I’m still waiting for my various family members to send my graduation photos, but I still wanted to share a few things that happened. Some of the best moments of an intense day:
(*) It was announced at the rehearsal on Friday that because of concerns about swine flu & contamination, the President of UMW would not be shaking anyone’s hand as they received their degrees. (So far, no cases have been reported at UMW.) As I was milling around on Saturday, waiting for the crowd of 1000+ graduates to eventually reach some kind of order, one of my classmates told me his plan to tackle the President in a bear hug.
“See, I’ll hold out my hand, like I’m going to try & shake her hand, but then I’ll go in like this!” he said, demonstrating on me, making me teeter on the heels of my combat boots. We both started laughing, wondering what the probability was of security taking him out. But, when the time came, Justin Lee Toney pulled it off and was the only one who got a hug from President Hample.
(*) One of the other BLS candidates essentially told me that my degree was worthless. He was this Computer Science major who’d been commiserating with another guy about their Dahlgren jobs. When there was a break in the conversation, he turns to me & asks me my major. I tell him English & the next words out of his mouth are “Are you going to teach?” I say, no, that I’ll try some writing, just sort of see what comes my way. He nods & then say, “Yeah, you can’t do anything with a language degree, unless you teach. Or ‘write’.” Thanks, man.
(*) Before we processed out of Jefferson Square down Campus Walk to Ball Circle, I saw a whole cicada shell in the gutter. It was unbroken, somehow still intact despite the shuffling and stomping of all the graduates. As I walked away, getting ready to mark the end of undergrad, I like to imagine that it survived the march.
(*) The hats that the professors wear look like something from a Renaissance Fair. I stick by this statement, no matter what anyone says. When I mentioned this to one of my professors, he said, “No. No. Let’s set up the scale here. Renaissance Fairs = uncool (holds up his left hand). Me = cool (holds up his right hand, distanced way far away on the opposite side).”
When I persisted, he said, “The two sides don’t meet; this isn’t a circle, where one thing eventually becomes the other!” before again demonstrating the cool/uncool scale again. Later, as I was standing in my row watching the faculty enter the field, another student behind me said, “Man, it looks like they’re coming straight from a Ren Fair.”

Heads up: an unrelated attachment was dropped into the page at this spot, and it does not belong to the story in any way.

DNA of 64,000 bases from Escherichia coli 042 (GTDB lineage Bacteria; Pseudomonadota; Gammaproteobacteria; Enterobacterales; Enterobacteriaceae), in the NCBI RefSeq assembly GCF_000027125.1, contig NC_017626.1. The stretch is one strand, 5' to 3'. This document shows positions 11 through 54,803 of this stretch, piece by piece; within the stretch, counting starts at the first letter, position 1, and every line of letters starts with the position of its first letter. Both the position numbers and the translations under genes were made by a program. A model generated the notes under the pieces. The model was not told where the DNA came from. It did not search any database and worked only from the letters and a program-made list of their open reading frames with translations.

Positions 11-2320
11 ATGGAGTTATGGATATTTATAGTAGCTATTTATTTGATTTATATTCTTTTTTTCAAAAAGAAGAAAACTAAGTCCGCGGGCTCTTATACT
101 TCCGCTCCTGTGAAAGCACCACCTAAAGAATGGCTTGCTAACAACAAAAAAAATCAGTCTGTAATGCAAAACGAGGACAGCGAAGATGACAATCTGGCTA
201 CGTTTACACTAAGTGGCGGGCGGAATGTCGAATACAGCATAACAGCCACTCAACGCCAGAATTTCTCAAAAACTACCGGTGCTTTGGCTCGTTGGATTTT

So, Sir, I would still like proof positive the Ren Fairs are uncool.
(*) When the BLS students stood up to have their degrees conferred, I started hyperventilating. Deep, gasping breaths that I struggled to control. I grabbed the chair in front of me, I started slapping my wrist, just anything to get myself to stop. The woman in front of me tried to help. She turned around & said, “Now’s not the time to get nervous. The work’s done; you’re getting the degree!”
Then, I looked over at my mom, who was 9 or 10 rows away & she was making the universal “calm down” sign. Somehow, seeing her & the rest of my family combined with the irritation that some misplaced student was holding up the line was enough for me to get it together. Everything else is a blur: getting to the stage, handing over my name card, breezing past the President, & getting the envelope. I didn’t see or hear anything; I just concentrated on putting one foot in front of the other.
Then I sat back down in my seat & realized I had someone else’s degree.
(*) The one thing I really regret is that I couldn’t find any of my professors after graduation. I wanted my family to meet some of the amazing people who’ve influenced me over these past few years & I couldn’t find anyone. So, the group of us broke & went our separate ways to our cars. Then, on my way out, going through the main gate for probably the last time, I spotted one of the professors. I screamed out their name like a crazy person and waved them over frantically.
So, after introductions, my professor was chatting us up. He kept using “we”, which was a little overwhelming in sweet way: “We saw you were nervous; we commented on that.” The last thing he said to me was, “We were cheering for you, did you hear us? You are a department darling!” Wow.